PROVIDENCE, R.I. (WPRI) — Democratic Gov. Gina Raimondo is celebrating her party’s razor-thin win in Tuesday’s election for Kentucky governor, arguing it shows the path to retaking the White House in 2020.
“It’s a huge victory, and a huge loss for President Trump,” Raimondo told WPRI 12 on Wednesday, describing herself as “ecstatic” over the result.
Raimondo was one of the players behind Kentucky Democrat Andy Beshear’s successful campaign due to her role as chair of the Democratic Governors Association, which plowed $5.5 million into the race on his behalf — much of it raised by Raimondo with the assistance of her DGA treasurer, former IGT Chairman Don Sweitzer.
“It was a really hard race. It went down to the wire,” she said. “We didn’t win by much, but we won. Most people didn’t think we could win.” (While Republican incumbent Matt Bevin has asked for a recount, Beshear has already begun announcing transition plans.)
Kentucky is one of three red states where Raimondo was tasked with trying to win governor’s races as this year’s DGA chair, along with Mississippi and Louisiana. Her candidate in Mississippi, Jim Hood, lost Tuesday by 5.5 percentage points, which Raimondo argued was still a strong showing considering Trump had won the state by nearly 18 points in 2016.
“The DGA raised more money this year than ever in an off-cycle year, and that did not happen by accident,” she said. “When I took over people were, like, ‘Oh my goodness, Kentucky, Louisiana, Mississippi — good luck, Gina.’ I knew it was going to be an uphill battle and we were going to have to raise money. We set a very ambitious goal and we achieved it.”
Beshear’s 5,300-vote win was notable in part because Republicans swept to easy victories in the other statewide races on the Kentucky ballot, reinforcing that the state remains friendly territory for the GOP and that Bevin was unusually unpopular. Raimondo also said her side was heavily outspent by the Republican Governors Association.
“The fact that we were able to win despite the president’s focus, despite Mitch McConnell’s focus, despite the RGA’s focus, in a place where Trump was a stronghold and won so handily just a few years ago — I think it’s a harbinger of 2020,” Raimondo said. “It means Democrats have an excellent chance in 2020.”
Trump held a rally Monday night to give Bevin an 11th-hour boost, with the president himself acknowledging the race had become a referendum on him due to Bevin playing up his bona fides as a staunch White House ally. Brad Pascale, Trump’s campaign manager, put the blame squarely on the candidate after the results came in.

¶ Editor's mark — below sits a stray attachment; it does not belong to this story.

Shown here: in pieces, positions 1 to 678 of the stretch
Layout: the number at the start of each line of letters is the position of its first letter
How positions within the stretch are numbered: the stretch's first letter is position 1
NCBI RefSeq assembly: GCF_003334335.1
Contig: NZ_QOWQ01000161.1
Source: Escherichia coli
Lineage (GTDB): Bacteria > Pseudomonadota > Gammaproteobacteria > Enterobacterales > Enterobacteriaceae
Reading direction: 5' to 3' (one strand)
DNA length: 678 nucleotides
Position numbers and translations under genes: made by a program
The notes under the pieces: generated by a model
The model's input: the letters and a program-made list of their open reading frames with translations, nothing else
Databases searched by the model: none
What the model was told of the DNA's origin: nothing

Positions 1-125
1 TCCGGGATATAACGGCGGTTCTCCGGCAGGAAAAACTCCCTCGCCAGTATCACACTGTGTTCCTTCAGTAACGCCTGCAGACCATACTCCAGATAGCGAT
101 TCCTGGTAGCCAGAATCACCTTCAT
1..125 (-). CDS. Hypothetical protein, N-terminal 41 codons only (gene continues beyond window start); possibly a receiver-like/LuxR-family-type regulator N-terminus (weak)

“The president just about dragged Gov. Matt Bevin across the finish line, helping him run stronger than expected in what turned into a very close race at the end,” Pascale said in a statement Tuesday night.
Raimondo praised Beshear’s campaign manager, Eric Hyers, who previously ran her own 2014 campaign for governor after piloting David Cicilline’s first two runs for Congress. She also suggested changes she instituted at the DGA — including installing her own senior adviser, Jon Romano, after taking over — made the organization more effective.
“We made a lot of changes in the staff, just to cut down on our administrative budget so more money could go into the races,” she said. “We really beefed up our data and digital operations. We made some changes in the political team, and I’d like to think that helped, as well.”
“We ran a better operation,” she added. “It’s not just money. It’s how you spend it.”
Raimondo’s remaining task is to try and help Louisiana’s incumbent Democratic governor, John Bel Edwards, survive a runoff election a week from Saturday. “I think we’re going to come out of this winning two out of three,” she said. “I feel very good about our chances in Louisiana. … To pull off two major victories in deep red southern states, I feel great about it.”
In Raimondo’s view, the Kentucky results also offer a lesson to the candidates battling to be her party’s 2020 nominee against Trump.
“Clearly Republicans voted for Andy Beshear, otherwise he wouldn’t be governor,” she said. “That means, man, we have a great chance in 2020 to put a Democrat in the White House.”
Democratic candidates for governor in red and swing states, Raimondo said, “have not been focused on impeachment, what’s going on in the Beltway. What we’ve been focused on is jobs, health care, education, and as [Michigan Gov.] Gretchen Witmer said, fixing the damn roads.”
The presidential hopefuls “should focus on that,” she said.
Raimondo will hand over the reins of the DGA at the end of the year to New Jersey Gov. Phil Murphy, who is currently her vice chair. She said she will still be involved, citing North Carolina Gov. Rory Cooper’s re-election campaign as “the big one next year.” But she also indicated she is contemplating other ways of staying engaged in national politics.
“I could see myself getting more involved in the presidential race once I decide who I’m going to get behind,” she said.
Ted Nesi (firstname.lastname@example.org) is WPRI 12’s politics and business editor and a Target 12 investigative reporter. He is a weekly panelist on Newsmakers and hosts Executive Suite. Follow him on Twitter and Facebook